I wrote about microbiome research last year, briefly touching upon poop transplants, too. In simple terms, a faecal transplant can help a person overhaul their gut microbiome. It is an effective treatment for resistant Clostridium difficile infections that happen when this normally harmless bacterium propagates out of control and releases toxins that attack the intestinal lining. As a result the patient develops chronic diarrhea and stomach pain – and because broad-spectrum antibiotics are often the cause of this infection, they can’t help eradicate it.
A gut bacteria overhaul can help re-establish a healthy balance in a person’s digestive tract, and the easiest way to do this right now is to take poop from someone else and literally transplant it into the person. This is usually done via colonoscopy in a clinical setting, with a stool preparation that comes from a healthy person who has been screened for any possibly transmissible infection, such as HIV, hepatitis, and others.
But even if the transplant is successful and the donor is ‘clean’, things can still go wrong.
In 2013 a paper published in Science described a study which showed that transplanting human gut microbes from an obese person into germ-free lab mice could cause the little critters to gain weight, whereas a microbe transplant from a lean person kept the mice lean, too.
Just last week a single case study was published in Open Forum Infectious Diseases – a 32-year-old woman received a faecal transplant from her overweight 16-year-old daughter to treat a recurrent C. diff infection, and… rapidly became obese herself. She had never been overweight in her entire life.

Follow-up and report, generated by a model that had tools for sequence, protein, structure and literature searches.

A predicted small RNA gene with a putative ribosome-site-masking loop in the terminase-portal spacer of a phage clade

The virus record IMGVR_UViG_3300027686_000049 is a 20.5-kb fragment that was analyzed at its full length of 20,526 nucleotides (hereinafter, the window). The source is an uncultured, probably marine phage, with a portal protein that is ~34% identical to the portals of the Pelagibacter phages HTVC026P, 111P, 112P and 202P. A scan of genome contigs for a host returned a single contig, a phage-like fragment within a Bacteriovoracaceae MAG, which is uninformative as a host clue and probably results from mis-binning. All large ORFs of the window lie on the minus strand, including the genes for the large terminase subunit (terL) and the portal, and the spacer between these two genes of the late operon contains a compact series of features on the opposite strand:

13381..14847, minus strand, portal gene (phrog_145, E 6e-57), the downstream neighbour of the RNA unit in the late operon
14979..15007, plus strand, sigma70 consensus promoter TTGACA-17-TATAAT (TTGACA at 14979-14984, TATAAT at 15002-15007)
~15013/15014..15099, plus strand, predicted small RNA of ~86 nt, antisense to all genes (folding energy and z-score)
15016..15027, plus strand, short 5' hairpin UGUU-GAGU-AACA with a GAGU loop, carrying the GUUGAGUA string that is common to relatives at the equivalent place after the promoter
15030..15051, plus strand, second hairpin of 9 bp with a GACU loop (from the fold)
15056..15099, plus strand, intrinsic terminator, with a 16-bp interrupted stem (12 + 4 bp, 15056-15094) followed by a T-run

It is important to note that there may have been other factors that contributed to the weight gain, but the authors still think that the faecal transplant (FMT) was at least partially to blame:
There are several possible contributions to the weight gain, including the resolution of [C. diff infection] (with subsequent increased appetite) and concurrent treatment of H. pylori. There is a known association between H. pylori treatment and weight gain [..] However, it is notable that she was never obese prior to FMT, and that the stool donor similarly experienced significant weight gain, raising the possibility that the obesity was at least in part a consequence of FMT.
The study notes that this woman has not been able to shed the weight over the course of 36 months, which means that she received her transplant at least a year before the mouse study came to light. Damn.